Ordnance Invoice, 144th New York Infantry, Hilton Head, S.c., Enfield Muskets For Sale
Ordnance Invoice, 144th New York Infantry, Hilton Head, South Carolina 8 1/2 x 11, imprinted form, filled out in ink.Invoice of
Ordnance and Ordnance Stores, turned over by Lieut. George A. Colton,
Co. B, 144th New York Vols., to Capt. M.W. Marvin, Co. B, 144th N.Y.
Vols., at Hilton Head, S.C., on the 26th day of November, 1864, in
obedience to Orders of Lieut. Col. James Lewis, Comdg. 144th N.Y. Vols.For
Enfield Rifled Muskets, Cal. .577, bayonet scabbards, cap pouches and
picks, cartridge boxes, cartridge box plates, cartridge box belts, gun
slings, waist belts and plates.I certify, That the above is a
correct Invoice of Ordnance and Ordnance Stores turned over by me this
26th day of November, 1864, to Capt. M.W. Marvin, Comdg. Co. B, 144th
N.Y.V. George A. Colton, 1st Lieut. 144 N.Y. Vols. Light age toning and wear.George
A. Colton, was 22 years old, when he enlisted as a 2nd lieutenant, and
was commissioned into the 144th New York Infantry. He was promoted to
1st lieutenant, March 4, 1863; captain, May 16, 1865; and was mustered
out of the service on June 25, 1865.The 144th New York Infantry
recruited in Delaware County, was organized at Delhi, and there mustered
into the U.S. service on Sept. 27, 1862. It left the state on
Oct. 11, 956 strong, and was stationed in the defenses of Washington at
Upton's Hill, Cloud's Mills and Vienna until April, 1863.It was
then assigned to the Department of Virginia, and in Gurney's Division
assisted in the defense of Suffolk, during Longstreet's siege of that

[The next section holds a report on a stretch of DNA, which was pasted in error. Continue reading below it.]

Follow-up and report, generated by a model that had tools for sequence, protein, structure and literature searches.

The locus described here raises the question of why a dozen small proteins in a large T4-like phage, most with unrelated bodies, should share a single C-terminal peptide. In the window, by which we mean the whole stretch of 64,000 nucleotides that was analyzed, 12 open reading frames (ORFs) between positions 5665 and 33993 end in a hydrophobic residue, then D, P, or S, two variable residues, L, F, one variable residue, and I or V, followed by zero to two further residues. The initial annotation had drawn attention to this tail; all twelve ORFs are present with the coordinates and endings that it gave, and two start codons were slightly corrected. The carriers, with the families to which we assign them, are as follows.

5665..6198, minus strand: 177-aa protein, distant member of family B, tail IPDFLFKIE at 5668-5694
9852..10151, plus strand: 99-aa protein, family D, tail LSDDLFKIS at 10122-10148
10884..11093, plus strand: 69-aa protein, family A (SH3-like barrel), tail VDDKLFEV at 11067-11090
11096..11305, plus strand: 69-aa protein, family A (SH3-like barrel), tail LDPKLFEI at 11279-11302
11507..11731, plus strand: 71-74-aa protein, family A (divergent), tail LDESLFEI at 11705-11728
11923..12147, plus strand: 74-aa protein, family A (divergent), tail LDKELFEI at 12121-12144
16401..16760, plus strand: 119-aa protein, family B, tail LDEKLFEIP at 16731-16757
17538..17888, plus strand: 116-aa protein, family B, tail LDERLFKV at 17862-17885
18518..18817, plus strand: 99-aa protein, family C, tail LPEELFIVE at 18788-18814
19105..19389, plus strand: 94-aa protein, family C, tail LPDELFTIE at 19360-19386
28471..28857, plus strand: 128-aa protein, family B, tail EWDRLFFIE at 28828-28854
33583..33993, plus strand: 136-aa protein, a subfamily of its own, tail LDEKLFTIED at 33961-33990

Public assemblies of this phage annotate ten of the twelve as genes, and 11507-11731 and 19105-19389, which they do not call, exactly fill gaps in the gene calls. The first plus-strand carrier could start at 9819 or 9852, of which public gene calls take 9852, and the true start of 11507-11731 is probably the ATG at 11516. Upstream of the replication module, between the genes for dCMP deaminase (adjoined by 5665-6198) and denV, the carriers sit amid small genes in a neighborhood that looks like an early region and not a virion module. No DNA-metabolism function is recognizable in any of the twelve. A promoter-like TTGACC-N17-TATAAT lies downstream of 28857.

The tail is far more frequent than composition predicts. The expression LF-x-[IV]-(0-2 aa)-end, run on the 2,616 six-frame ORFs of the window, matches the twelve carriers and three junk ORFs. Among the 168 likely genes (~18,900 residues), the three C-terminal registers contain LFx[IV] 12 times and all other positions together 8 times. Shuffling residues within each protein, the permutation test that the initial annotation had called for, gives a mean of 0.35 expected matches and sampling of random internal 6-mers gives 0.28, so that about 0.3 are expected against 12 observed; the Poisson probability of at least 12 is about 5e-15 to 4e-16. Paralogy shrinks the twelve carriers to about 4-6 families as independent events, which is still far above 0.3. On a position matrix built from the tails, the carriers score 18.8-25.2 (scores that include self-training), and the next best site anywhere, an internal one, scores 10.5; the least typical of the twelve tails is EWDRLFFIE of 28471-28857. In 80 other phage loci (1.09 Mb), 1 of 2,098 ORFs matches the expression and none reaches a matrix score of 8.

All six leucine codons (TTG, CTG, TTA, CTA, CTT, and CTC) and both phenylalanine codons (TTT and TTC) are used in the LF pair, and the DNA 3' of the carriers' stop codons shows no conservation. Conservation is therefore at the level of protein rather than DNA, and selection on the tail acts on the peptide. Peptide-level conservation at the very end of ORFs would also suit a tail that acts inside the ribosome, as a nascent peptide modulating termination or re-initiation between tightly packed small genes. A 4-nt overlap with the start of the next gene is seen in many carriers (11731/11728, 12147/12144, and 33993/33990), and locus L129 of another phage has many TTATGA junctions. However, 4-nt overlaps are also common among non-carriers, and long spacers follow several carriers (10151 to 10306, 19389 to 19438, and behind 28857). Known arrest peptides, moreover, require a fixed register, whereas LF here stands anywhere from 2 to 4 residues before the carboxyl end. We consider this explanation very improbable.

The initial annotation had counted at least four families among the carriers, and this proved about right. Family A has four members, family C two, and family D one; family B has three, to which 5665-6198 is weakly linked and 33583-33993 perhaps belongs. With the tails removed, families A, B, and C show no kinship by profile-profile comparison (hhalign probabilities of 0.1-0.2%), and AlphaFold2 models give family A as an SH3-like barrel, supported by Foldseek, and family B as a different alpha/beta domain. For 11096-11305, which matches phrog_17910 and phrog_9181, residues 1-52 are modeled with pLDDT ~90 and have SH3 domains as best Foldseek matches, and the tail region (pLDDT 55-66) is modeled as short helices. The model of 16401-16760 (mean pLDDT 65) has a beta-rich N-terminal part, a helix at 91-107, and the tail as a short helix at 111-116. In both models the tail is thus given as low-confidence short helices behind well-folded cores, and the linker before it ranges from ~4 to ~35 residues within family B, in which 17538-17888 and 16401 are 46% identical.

place. In May it was placed in Gordon's division of the 7th corps at
West Point, and shared in the demonstration against Richmond.In
July it joined the 2nd brigade, 1st (Schimmelfennig's) Division, 11th
Corps. This division was detached from its corps on Aug. 7, and ordered
to Charleston harbor, where during the fall and winter of 1863 the
regiment was engaged at Folly and Morris islands, participating with
Gillmore's forces in the siege of Fort Wagner and the bombardment of
Fort Sumter and Charleston.In Feb., 1864, in the 1st brigade,
Ames' Division, 10th Corps, it was engaged at Seabrook and John's
Islands, S. C. It was then ordered to Florida, where it was chiefly
engaged in raiding expeditions and was active in the action at Camp
Finnegan. It returned to Hilton Head in June; was active at John's
Island in July, losing 13 killed, wounded and missing; in Potter's
Brigade of the Coast division it participated in the cooperative
movements with Sherman, fighting at Honey Hill and Deveaux Neck.Its
casualties at Honey Hill were 108 and at Deveaux neck, 37 killed,
wounded and missing. Lieut. James W. Mack the only commissioned officer
killed in action, fell at Honey Hill. Attached to the 3d separate
brigade, District of Hilton Head, it was severely engaged at James
island in Feb., 1865, losing 44 killed, wounded and missing.In
the fall of 1864 the ranks of the regiment were reduced to between 300
and 400 men through battle and disease, and it was then recruited to
normal standard by one year recruits from its home county. The regiment
was mustered out at Hilton Head, S.C., June 25, 1865, under command of
Col. Lewis. It lost by death during service 40 officers and men, killed
and mortally wounded; 4 officers and 174 enlisted men died of disease
and other causes; total, 218.Source: The Union Army, Vol. 2
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Ordnance Invoice, 144th New York Infantry, Hilton Head, S.c., Enfield Muskets: $21